For the last two months, UC3 have been working with the teams at Data.gov, Data Refuge, Internet Archive, and Code For Science (creators of the Dat Project) to aggregate the government data.
Data that spans the globe
There are currently volunteers across the country working to discover and preserve publicly funded research, especially climate data, from being deleted or lost from the public record. The largest initiative is called Data Refuge and is led by librarians and scientists. They are holding events across the UC campuses and the US that you should attend and help out in person, and are organizing the library community to band together to curate the data and ensure it’s preserved and accessible.
Our initiative builds on this and is looking to build a corpus of government data and corresponding metadata. We are focusing on public research data, especially those at risk of disappearing. The initiative was nicknamed “Svalbard” by Max Ogden of the Dat project, after the Svalbard Global Seed Vault in the Arctic. As of today, our friends at Code for Science have released 38GB of metadata, over 30 million hashes and URLs of research data files.
To aid in this effort
We have assembled the following metadata as part of the Code for Science’s Svalbard v1:
- 2.7 million SHA-256 hashes for all downloadable resources linked from Data.gov, representing around 40TB of data
- 29 million SHA-1 hashes of files archived by the Internet Archive and the Archive Team from federal websites and FTP servers, representing over 120TB of data
- All metadata from Data.gov, about 2.1 million datasets
- A list of ~750 .gov and .mil FTP servers
There are additional sources such as Archivers.Space, EDGI, Climate Mirror, Azimuth Data Backup that we are working adding metadata for in future releases.
Following the principles set forth by the librarians behind Data Refuge, we believe it’s important to establish a clear and trustworthy chain of custody for research datasets so that mirror copies can be trusted. With this project, we are working to curate metadata that includes strong cryptographic hashes of data files in addition to metadata that can be used to reproduce a download procedure from the originating host.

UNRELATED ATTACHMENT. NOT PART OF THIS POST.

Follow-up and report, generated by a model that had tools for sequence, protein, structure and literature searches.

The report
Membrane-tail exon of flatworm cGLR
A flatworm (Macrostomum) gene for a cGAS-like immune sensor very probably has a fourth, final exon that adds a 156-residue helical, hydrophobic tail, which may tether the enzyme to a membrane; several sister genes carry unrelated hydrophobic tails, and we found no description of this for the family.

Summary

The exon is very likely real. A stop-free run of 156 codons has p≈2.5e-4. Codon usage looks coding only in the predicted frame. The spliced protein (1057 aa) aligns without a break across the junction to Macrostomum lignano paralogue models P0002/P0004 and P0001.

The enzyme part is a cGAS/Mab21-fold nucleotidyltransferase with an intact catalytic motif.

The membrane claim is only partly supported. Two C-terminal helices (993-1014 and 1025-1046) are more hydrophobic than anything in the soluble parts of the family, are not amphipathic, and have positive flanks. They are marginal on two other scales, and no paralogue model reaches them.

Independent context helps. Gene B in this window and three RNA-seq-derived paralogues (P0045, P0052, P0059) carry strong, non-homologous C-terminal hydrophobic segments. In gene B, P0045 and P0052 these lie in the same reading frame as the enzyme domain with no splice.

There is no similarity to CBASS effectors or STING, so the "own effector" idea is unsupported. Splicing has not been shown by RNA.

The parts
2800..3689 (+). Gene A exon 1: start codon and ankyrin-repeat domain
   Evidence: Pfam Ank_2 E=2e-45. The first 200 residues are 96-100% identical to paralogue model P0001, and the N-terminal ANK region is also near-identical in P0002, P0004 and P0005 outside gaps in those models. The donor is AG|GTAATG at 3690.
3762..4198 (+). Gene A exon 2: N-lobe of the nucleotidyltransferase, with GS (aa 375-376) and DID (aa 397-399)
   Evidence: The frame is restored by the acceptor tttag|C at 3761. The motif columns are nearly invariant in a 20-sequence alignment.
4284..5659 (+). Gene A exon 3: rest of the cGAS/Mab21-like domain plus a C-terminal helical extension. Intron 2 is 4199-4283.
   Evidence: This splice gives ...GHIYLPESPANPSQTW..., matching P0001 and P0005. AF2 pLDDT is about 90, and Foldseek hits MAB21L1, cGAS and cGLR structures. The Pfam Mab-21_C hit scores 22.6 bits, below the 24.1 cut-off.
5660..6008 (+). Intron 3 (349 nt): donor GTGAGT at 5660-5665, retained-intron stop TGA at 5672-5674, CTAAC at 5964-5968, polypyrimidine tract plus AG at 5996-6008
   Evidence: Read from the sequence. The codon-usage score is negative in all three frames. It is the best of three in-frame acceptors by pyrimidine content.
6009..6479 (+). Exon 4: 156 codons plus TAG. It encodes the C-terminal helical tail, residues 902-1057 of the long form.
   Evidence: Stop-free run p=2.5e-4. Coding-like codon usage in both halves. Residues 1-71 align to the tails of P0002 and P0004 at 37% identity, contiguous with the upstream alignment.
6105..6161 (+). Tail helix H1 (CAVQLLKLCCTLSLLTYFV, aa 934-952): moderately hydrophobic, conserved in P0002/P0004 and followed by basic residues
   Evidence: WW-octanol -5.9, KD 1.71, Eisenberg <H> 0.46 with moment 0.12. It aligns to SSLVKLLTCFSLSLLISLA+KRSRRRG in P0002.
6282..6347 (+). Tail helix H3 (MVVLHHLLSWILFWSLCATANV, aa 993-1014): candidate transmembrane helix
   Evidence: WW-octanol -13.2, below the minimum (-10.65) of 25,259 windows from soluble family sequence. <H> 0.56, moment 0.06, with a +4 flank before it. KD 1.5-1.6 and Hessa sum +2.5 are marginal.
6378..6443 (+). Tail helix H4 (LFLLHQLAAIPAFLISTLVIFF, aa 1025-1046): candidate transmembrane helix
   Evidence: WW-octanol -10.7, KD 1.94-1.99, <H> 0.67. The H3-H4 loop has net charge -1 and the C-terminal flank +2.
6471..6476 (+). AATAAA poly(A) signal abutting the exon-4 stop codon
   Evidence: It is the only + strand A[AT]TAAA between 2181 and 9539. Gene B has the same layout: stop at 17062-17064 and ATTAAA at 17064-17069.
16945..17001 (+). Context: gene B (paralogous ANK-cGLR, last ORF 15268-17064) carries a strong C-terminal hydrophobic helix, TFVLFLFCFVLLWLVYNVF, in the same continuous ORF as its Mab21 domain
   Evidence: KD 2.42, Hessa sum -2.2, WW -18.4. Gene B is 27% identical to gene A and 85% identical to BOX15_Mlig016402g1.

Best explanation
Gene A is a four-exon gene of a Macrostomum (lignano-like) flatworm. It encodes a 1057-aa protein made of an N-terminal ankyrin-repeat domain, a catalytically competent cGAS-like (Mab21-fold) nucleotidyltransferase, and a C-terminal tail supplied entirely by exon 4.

We are hoping the community can use this data in the following ways:
- To independently verify that the mirroring processes that produced these hashes can be reproduced
- To aid in developing new forms of redundant dataset distribution (such as peer to peer networks)
- To seed additional web crawls or scraping efforts with additional dataset source URLs
- To encourage other archiving efforts to publish their metadata in an easily accessible format
- To cross reference data across archives, for deduplication or verification purposes
What about the data?
The metadata is great, but the initial release of 30 million hashes and urls is just part of our project. The actual content (how the hashes were derived) have also been downloaded. They are stored at either the Internet Archive or on our California Digital Library servers.
The Dat Project carried out a Data.gov HTTP mirror (~40TB) and uploaded it to our servers at California Digital Library. We are working with them to access ~160TB of data in the future and have partnered with UC Riverside to offer longer term storage .
You can download the metadata here using Dat Desktop or Dat CLI tool. We are using the Dat Protocol for distribution so that we can publish new metadata releases efficiently while still keeping the old versions around. Dat provides a secure cryptographic ledger, similar in concept to a blockchain, that can verify integrity of updates.
If you want to learn more about how CDL and the UC3 team is involved, contact us at email@example.com or @UC3CDL. If you have suggestions or questions, you can join the Code for Science Community Chat. And, if you are a technical user you can report issues or get involved at the Svalbard GitHub.
This is crossposted here: https://medium.com/@maxogden/project-svalbard-a-metadata-vault-for-research-data-7088239177ab#.f933mmts8